GOP lawmakers advance guns bill to Senate floor

Keila Szpaller Daily Montanan
Wednesday, January 27, 2021

With much criticism from Democrats about a muddled process, a bill to expand the places where people can carry guns without a permit is headed to the floor of the Montana Senate.

Sen. Bryce Bennett, a Missoula Democrat, said so many different groups thought House Bill 102 shouldn’t apply to them and wanted exemptions, from bars to campuses to banks to local governments.

“It seems like maybe it shouldn’t apply to anybody,” Bennett said.

Sen. Bryce Bennett, D-Missoula (Provided by the Montana Legislature).

Sen. Diane Sands blasted the process. Sands said the bill clearly should have included a fiscal note since it will cost campuses to implement, pointed out that lawmakers didn’t even understand the amendments they were voting on, and said the bill, “a mess,” was rushed through the House.

“It’s not been clean in any way, shape or form,” said Sands, also a Missoula Democrat.

After many questions from legislators about both the bill and process for handling amendments, the Senate Judiciary committee voted 7-4 on party lines Tuesday to approve HB102. Chairman Keith Regier, a Kalispell Republican, pushed back against criticism of the process and said the high degree of public interest translated into significant input.

“I think you said earlier, a lot of people were interested in the bill,” Regier said.

In addition to allowing guns on campuses, the bill would remove the authority of the Montana Board of Regents over college campuses, but with exceptions. Proposed by Rep. Seth Berglee, R-Joliet, the legislation heads to the Senate floor for a full vote.

In committee Tuesday, a couple different versions of one amendment failed twice, the second time after Rep. Theresa Manzella called for reconsideration. The amendment had proposed nine different strikeouts and eight different insertions.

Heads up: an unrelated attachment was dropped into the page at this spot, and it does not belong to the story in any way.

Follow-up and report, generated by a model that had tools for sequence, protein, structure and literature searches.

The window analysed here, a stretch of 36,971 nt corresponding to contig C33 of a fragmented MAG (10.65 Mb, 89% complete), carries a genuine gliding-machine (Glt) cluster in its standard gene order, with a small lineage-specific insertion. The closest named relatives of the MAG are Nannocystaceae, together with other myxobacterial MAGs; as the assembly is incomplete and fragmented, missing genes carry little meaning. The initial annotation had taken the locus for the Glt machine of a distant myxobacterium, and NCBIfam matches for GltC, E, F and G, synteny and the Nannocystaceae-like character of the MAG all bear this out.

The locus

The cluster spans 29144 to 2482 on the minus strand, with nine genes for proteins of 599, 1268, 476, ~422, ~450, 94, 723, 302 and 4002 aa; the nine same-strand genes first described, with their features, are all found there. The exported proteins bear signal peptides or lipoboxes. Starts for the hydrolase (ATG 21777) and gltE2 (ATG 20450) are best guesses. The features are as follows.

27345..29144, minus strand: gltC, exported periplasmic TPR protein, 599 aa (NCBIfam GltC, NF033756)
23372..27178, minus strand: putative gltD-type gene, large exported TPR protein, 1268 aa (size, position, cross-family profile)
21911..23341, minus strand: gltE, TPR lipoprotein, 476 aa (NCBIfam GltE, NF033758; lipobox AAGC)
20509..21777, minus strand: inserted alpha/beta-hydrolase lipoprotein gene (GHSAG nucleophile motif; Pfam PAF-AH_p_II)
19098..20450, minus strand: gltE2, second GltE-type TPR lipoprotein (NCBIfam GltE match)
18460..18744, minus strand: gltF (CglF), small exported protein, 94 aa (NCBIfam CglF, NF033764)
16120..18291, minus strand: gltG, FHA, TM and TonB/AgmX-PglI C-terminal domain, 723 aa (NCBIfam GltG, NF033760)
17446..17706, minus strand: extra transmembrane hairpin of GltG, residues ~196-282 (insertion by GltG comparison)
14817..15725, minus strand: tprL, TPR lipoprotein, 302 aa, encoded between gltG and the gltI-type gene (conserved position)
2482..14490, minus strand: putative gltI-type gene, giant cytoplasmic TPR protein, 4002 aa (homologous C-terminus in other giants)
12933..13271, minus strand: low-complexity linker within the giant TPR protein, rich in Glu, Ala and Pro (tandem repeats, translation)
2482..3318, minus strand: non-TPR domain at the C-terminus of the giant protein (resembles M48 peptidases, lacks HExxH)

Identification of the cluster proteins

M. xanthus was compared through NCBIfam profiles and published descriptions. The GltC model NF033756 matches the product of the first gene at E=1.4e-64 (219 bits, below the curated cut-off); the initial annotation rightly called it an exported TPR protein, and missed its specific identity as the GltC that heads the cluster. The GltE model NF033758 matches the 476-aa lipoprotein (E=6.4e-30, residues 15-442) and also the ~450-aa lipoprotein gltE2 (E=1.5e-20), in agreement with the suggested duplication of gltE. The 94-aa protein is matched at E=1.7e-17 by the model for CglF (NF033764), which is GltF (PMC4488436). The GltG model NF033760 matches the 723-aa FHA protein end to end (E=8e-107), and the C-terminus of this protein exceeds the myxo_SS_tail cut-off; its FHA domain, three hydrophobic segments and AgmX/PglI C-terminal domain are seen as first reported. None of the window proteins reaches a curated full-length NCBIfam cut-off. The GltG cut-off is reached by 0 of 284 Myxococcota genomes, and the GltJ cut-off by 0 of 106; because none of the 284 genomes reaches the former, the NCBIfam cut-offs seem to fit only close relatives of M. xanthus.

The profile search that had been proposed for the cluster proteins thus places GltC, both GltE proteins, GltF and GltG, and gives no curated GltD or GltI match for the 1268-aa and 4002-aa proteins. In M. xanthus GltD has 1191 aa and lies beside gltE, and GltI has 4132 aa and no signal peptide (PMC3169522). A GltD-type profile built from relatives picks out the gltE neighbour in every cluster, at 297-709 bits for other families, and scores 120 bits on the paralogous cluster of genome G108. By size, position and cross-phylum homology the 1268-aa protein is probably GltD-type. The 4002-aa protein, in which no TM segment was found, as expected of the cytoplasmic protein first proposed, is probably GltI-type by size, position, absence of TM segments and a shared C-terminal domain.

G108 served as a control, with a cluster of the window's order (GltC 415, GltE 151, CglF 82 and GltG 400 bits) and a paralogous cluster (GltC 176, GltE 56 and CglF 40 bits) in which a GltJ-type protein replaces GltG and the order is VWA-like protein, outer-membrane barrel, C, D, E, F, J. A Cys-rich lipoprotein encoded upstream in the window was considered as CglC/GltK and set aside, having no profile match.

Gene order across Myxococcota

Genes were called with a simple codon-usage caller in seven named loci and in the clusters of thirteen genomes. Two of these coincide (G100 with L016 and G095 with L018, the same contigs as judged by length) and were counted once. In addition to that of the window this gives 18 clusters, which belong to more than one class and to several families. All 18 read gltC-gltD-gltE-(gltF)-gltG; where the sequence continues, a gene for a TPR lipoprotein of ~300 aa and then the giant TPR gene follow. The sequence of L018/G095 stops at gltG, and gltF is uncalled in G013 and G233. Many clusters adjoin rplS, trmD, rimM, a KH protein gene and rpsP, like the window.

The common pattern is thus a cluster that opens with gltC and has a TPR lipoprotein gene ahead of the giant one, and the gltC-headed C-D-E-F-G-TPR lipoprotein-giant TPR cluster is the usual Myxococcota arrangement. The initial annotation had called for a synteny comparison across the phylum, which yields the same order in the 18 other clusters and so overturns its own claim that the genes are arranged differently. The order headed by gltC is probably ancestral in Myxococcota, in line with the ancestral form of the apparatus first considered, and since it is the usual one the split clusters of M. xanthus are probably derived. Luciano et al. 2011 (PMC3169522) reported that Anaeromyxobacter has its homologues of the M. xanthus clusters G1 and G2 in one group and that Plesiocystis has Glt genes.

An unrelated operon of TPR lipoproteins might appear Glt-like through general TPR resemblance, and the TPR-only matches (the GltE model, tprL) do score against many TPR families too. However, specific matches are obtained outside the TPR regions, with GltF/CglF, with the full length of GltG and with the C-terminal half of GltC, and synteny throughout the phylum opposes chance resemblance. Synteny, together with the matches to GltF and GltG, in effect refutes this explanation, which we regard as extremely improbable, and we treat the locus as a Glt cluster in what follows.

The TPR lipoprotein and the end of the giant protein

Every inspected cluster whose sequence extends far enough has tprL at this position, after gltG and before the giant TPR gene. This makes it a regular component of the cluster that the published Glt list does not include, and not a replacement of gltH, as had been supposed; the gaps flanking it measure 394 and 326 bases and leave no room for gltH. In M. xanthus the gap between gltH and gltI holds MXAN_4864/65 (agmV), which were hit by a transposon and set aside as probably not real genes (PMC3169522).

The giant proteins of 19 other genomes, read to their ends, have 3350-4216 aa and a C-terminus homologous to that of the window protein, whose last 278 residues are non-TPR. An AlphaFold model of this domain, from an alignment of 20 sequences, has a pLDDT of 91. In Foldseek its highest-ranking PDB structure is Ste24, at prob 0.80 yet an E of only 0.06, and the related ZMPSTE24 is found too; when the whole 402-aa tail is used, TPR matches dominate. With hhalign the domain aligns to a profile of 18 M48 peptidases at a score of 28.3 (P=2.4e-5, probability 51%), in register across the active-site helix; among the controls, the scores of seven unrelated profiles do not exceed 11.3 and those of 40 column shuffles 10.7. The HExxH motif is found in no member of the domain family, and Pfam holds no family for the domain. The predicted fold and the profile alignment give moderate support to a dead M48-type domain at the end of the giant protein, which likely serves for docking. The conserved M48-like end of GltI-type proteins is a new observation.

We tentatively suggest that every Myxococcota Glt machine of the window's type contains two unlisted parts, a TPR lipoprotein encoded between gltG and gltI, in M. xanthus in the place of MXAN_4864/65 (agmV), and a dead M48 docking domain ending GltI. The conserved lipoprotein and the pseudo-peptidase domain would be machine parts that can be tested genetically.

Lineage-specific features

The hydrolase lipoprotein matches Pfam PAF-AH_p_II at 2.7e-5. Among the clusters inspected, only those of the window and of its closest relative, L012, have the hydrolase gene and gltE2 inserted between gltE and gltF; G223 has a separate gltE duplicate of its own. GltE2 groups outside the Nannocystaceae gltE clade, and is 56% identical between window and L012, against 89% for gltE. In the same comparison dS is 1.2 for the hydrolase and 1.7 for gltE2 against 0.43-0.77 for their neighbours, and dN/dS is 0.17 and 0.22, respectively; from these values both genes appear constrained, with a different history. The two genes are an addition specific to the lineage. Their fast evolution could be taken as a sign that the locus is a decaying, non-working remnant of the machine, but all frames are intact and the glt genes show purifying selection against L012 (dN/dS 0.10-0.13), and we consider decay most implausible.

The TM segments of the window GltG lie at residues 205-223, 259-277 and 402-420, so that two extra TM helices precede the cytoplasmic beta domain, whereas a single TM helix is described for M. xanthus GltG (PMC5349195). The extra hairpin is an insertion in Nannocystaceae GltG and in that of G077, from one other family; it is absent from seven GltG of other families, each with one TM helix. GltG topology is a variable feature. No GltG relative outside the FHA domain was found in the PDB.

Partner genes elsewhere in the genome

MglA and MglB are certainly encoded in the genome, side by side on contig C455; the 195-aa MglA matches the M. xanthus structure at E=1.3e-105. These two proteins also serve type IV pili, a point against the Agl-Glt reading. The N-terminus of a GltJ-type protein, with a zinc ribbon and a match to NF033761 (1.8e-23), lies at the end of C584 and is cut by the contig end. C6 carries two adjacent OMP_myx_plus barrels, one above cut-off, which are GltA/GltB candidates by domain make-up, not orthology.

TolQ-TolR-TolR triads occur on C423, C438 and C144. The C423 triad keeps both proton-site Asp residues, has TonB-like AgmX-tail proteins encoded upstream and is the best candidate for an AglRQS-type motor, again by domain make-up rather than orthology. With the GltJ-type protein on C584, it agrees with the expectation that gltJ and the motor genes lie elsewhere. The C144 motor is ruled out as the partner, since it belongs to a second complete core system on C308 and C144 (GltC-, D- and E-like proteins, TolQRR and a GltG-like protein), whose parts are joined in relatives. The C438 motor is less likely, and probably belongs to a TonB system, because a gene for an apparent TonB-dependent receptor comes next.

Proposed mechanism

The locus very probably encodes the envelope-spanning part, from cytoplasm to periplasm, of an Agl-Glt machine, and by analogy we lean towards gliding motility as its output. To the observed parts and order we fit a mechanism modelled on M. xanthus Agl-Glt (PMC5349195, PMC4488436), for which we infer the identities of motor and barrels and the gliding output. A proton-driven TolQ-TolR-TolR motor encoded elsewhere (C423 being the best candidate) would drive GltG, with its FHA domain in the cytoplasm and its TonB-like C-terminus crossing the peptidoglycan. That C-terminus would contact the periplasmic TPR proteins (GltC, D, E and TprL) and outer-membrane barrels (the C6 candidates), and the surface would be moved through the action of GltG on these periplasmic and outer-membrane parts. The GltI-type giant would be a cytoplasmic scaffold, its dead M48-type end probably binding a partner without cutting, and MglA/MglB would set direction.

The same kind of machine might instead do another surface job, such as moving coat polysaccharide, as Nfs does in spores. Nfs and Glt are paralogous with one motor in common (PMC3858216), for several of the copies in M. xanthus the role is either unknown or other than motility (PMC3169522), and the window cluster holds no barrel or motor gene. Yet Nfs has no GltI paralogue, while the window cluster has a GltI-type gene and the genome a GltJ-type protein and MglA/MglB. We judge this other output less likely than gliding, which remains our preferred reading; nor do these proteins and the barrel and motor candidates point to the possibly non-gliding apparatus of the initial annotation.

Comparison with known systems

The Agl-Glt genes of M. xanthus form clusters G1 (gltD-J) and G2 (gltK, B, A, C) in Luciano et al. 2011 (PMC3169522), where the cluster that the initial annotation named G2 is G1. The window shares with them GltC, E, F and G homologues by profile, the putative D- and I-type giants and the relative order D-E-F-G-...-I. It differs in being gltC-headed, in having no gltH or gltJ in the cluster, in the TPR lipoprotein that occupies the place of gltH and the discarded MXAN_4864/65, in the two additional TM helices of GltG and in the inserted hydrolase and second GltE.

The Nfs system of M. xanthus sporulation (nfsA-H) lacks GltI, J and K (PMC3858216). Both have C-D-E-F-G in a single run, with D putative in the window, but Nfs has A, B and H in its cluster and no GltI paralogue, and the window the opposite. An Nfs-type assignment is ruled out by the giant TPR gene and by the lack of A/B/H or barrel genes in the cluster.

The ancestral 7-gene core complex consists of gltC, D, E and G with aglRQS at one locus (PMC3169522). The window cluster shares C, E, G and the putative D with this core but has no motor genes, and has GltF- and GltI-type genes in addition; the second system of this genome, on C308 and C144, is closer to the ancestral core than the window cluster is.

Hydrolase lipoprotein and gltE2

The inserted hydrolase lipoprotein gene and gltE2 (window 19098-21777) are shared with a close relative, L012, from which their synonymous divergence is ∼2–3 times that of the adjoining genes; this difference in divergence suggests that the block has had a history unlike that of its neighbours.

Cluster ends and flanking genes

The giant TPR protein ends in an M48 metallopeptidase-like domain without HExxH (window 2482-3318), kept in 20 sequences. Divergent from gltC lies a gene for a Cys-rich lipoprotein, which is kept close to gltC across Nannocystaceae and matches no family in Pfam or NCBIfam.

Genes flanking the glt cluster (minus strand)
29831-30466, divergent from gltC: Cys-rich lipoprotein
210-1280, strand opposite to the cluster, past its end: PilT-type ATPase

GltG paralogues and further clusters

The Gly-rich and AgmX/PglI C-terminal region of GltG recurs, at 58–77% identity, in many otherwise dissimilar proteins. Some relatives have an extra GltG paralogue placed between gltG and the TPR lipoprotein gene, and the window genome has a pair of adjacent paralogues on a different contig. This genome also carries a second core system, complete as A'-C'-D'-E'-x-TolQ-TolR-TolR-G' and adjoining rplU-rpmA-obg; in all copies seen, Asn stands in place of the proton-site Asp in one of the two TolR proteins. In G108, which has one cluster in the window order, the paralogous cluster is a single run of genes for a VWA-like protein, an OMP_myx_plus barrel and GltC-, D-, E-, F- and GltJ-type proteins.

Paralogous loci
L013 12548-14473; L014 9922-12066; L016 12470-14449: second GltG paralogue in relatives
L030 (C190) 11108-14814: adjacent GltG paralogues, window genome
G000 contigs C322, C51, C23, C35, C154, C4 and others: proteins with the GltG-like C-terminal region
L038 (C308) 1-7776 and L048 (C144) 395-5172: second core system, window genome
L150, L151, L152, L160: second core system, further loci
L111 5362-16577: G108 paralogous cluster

It would have made athletic or entertainment events “open to the public with controlled access and armed security” an exception and subject to supervision by the Regents. (The current bill as drafted lists events where alcohol is allowed on campus as subject to oversight by the Regents, among other exceptions.)

The failed amendment also would have removed the need for a permit in places that sell alcohol, such as taverns, and eliminated a corresponding penalty. The committee considered this portion of the amendment once and rejected it.

However, lawmakers are not finished proposing amendments to HB102. Sen. John Esp, a Republican from Big Timber, said he plans to bring amendments to the floor to make the legislation more palatable.

Manzella will carry the bill to the floor, and she shared her personal experience in committee. In her early days in Montana, the Hamilton Republican said she was a bartender in “the middle of nowhere.” She said in closing the bar, she had night deposits to make and would have wanted to the ability to defend herself.

“I would have felt better if I had been carrying at that time,” Manzella said.



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